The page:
The USA as a Mediator: Turkish-Armenian Relations and the Karabakh Conflict
One of the most important issues from the point of view of American policy vis-a-vis Armenia and the region in general is the issue of Armenian-Turkish relations. The US has been involved in efforts to break the ice in Armenian-Turkish relations for a long time. Complementing calls on both sides to normalize relations, the US intervention included unofficial mediation efforts and track two diplomacy, as in the case of the American-sponsored Turkish-Armenian Reconciliation Committee (TARC), an informal group that consisted of former diplomats from Armenia and Turkey. Since 2008, especially in the wake of the Russian-Georgian war in August, the USA actively supported the so-called “football diplomacy” and the Armenian-Turkish normalization process.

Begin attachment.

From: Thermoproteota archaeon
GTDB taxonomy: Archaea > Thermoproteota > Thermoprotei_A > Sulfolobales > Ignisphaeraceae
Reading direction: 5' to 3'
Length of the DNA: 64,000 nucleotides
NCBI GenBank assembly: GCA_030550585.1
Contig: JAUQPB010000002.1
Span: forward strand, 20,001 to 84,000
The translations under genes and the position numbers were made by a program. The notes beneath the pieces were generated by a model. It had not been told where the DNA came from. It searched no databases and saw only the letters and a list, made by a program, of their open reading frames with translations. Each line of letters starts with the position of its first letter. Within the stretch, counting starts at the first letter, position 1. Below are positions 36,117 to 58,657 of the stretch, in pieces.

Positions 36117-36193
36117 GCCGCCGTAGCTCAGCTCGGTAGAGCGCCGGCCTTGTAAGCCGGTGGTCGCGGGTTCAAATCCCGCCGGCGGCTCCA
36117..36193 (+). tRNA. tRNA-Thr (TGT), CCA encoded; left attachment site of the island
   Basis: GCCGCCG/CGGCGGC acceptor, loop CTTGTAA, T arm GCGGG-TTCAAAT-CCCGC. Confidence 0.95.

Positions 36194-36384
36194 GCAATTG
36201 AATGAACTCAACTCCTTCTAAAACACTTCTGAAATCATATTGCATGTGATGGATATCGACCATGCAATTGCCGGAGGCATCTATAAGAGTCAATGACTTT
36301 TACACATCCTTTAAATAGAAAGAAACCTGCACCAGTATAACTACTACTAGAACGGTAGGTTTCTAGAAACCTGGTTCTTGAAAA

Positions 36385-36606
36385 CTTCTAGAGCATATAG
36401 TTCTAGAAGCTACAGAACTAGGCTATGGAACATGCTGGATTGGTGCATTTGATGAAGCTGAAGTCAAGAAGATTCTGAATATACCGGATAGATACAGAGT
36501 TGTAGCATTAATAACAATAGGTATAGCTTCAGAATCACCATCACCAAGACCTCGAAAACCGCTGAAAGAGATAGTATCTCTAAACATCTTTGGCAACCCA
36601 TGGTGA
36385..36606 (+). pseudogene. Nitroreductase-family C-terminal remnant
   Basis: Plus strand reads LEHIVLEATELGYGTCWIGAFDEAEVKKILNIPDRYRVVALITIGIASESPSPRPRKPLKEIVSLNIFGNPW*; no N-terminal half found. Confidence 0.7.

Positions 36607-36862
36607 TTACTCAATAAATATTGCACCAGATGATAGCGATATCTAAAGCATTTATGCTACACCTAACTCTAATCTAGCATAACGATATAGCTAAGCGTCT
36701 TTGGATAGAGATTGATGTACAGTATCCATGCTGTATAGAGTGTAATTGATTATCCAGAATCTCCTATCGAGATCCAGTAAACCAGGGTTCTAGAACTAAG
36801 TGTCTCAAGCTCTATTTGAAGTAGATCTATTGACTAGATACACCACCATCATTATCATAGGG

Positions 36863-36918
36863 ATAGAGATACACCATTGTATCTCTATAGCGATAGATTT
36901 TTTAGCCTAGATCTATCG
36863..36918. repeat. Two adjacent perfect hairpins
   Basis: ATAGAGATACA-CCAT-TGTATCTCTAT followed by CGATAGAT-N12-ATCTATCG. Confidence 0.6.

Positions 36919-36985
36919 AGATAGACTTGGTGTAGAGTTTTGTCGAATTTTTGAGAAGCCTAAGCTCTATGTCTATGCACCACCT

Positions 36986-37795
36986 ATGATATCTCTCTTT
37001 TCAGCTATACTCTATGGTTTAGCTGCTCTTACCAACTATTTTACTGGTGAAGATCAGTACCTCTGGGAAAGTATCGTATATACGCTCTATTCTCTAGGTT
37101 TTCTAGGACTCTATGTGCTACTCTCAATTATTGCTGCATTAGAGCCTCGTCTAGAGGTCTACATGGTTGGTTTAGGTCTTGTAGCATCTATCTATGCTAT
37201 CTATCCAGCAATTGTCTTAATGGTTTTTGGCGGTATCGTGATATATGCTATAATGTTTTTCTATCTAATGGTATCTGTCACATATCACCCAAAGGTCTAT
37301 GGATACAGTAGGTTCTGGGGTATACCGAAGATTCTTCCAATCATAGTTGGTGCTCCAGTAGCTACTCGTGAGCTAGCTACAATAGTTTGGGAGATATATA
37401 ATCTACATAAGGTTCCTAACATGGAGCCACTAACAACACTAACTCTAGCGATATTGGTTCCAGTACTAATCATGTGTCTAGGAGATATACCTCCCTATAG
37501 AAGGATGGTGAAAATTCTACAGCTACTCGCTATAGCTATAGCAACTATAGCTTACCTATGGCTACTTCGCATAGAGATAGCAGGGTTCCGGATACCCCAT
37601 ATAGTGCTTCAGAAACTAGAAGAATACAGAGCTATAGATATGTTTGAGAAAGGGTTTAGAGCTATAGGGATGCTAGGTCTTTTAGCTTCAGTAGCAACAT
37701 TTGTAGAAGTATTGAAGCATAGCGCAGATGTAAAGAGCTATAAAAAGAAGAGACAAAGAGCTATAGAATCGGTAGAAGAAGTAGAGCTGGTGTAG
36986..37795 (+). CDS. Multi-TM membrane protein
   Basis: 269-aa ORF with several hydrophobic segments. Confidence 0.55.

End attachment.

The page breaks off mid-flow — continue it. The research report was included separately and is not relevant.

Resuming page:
When Barak Obama visited Turkey in April 2009 he made a reference to Armenian-Turkish relations and called for opening the border that had been sealed by the Turkish government in the early 1990s. The April 23, 2009, Armenian-Turkish statement about the existence of a roadmap for normalization came about in part thanks to the serious involvement of American diplomacy, including a late night telephone call Serzh Sargsyan received from Vice President Joe Biden. Similarly, when in October 2009 the signing of Armenian-Turkish normalization protocols was under threat, the mediation by US Secretary of State Hillary Clinton together with her Russian colleague Sergey Lavrov, was instrumental in securing the signatures of both Armenian and Turkish sides.